William was a US Congressman after whom Terrell county in Georgia was
named.   Three generations later came
Joseph Terrell, Governor of Georgia from 1902 to 1907.

Moses Terrell of this line meanwhile had moved
into Franklin county, Georgia from North Carolina in 1793 when it was
still Indian
territory.  His son John Terrell and family
joined the
Cherokees
in their forced
migratiom to Mississippi
from Georgia in 1832.

Texas.  David and
Henry Terrell became Quakers in Virginia in the 1730’s and were the
progenitors of a large number of Quaker Terrells.   One line
with John Dabney Terrell ended up in Alabama in 1814.  Christopher
Terrell meanwhile departed Virginia for a Quaker community in Ohio in
the early 1820’s.  His son Alexander moved to Texas in 1852.
After
the Civil War Alexander was an important member of the Texas House of
Representatives and Terrell county in Texas was named in his honor.

George and Robert Terrell, sons of Colonel James Terrell, grew up
in Tennessee in the 1830’s.  George had worked for Sam Houston
there and he and Robert followed Sam to Texas in 1839.  Robert
Terrell
became an early settler in Kaufman county near
Dallas and lived there
until his death in 1881.  The town of Terrell, Texas was named
after him.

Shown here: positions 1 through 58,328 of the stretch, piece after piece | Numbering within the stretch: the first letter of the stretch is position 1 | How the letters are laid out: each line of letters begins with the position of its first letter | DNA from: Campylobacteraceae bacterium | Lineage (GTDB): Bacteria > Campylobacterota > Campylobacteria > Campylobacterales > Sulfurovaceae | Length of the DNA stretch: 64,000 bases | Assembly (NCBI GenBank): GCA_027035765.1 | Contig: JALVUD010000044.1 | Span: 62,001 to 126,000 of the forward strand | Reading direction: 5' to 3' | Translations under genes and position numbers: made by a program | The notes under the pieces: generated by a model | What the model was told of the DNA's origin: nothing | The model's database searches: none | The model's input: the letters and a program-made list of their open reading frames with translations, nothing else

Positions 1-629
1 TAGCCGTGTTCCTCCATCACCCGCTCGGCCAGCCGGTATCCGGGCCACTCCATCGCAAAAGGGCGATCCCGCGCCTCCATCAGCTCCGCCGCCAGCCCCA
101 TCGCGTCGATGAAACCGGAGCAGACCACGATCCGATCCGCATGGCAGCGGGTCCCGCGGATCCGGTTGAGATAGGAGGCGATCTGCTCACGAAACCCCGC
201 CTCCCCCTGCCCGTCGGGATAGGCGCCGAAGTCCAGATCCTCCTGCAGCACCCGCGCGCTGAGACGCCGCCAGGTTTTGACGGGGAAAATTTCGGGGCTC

Canada.  William Tyrrell
had been born at Grange
Castle in Kildare in 1816.  He left
Ireland for Canada in 1836 and settled in Toronto where, largely
self-taught,
he worked as a building contractor and an architect of some talent for
close on
fifty years.  He died in 1904 at the age
of eighty eight.  By this time his son
Joseph Burr
Tyrrell
had made his mark as a geologist, cartographer and
mining
consultant.  Joseph lived to be ninety
eight.

Australia.
Another William Tyrrell had
been born in London in 1807, the son of Timothy Tyrrell, the
Remembrancer of
the City of London.  He came out to
Australia in 1837, having been posted there by the Church of England,
and was
the first Bishop of Newcastle in Hunter Valley, NSW.

Seven years later he was joined by his nephews Lovick
and Edward who had recently lost their father Frederick.
Lovick became a priest.  Edward was
the founder of Tyrrell’s Wines in
the Hunter Valley, now run by the fourth generation of descendants.

Select
Tyrrell/Terrell Miscellany

If you would like to read more, click on the miscellany page for
further stories and accounts:

Select
Tyrrell/Terrell Names

Sir Walter Tyrrell came with William the Conqueror to England in
1066 and was the progenitor of the English and Irish Tyrrells.
Sir John Tyrrell was Speaker of
the House of Commons in the early 1400’s.
Captain Richard Tyrrell of Westmeath was regaled in
song after his victory over the English at the Battle of Tyrrell’s Pass
in 1597.
William
Terrell
of Virginia married Susannah Waters in the 1680’s and was
the
forebear of many of the Terrells in America today.
Joseph M. Terrell
was the Governor of Georgia from 1902 to 1907.
Ernie Terrell
was the WBA heavyweight boxing
champion of the world from 1965 to 1967.
He was the older brother of Jean Terrell, the lead singer of The
Supremes after Diana Ross left in 1970
.

 

Select Tyrrells/Terrells Today

  • 8,000 in the UK (most numerous
    in London)
  • 15,000 in America (most numerous in Texas)
  • 6,000 elsewhere (most numerous in Ireland)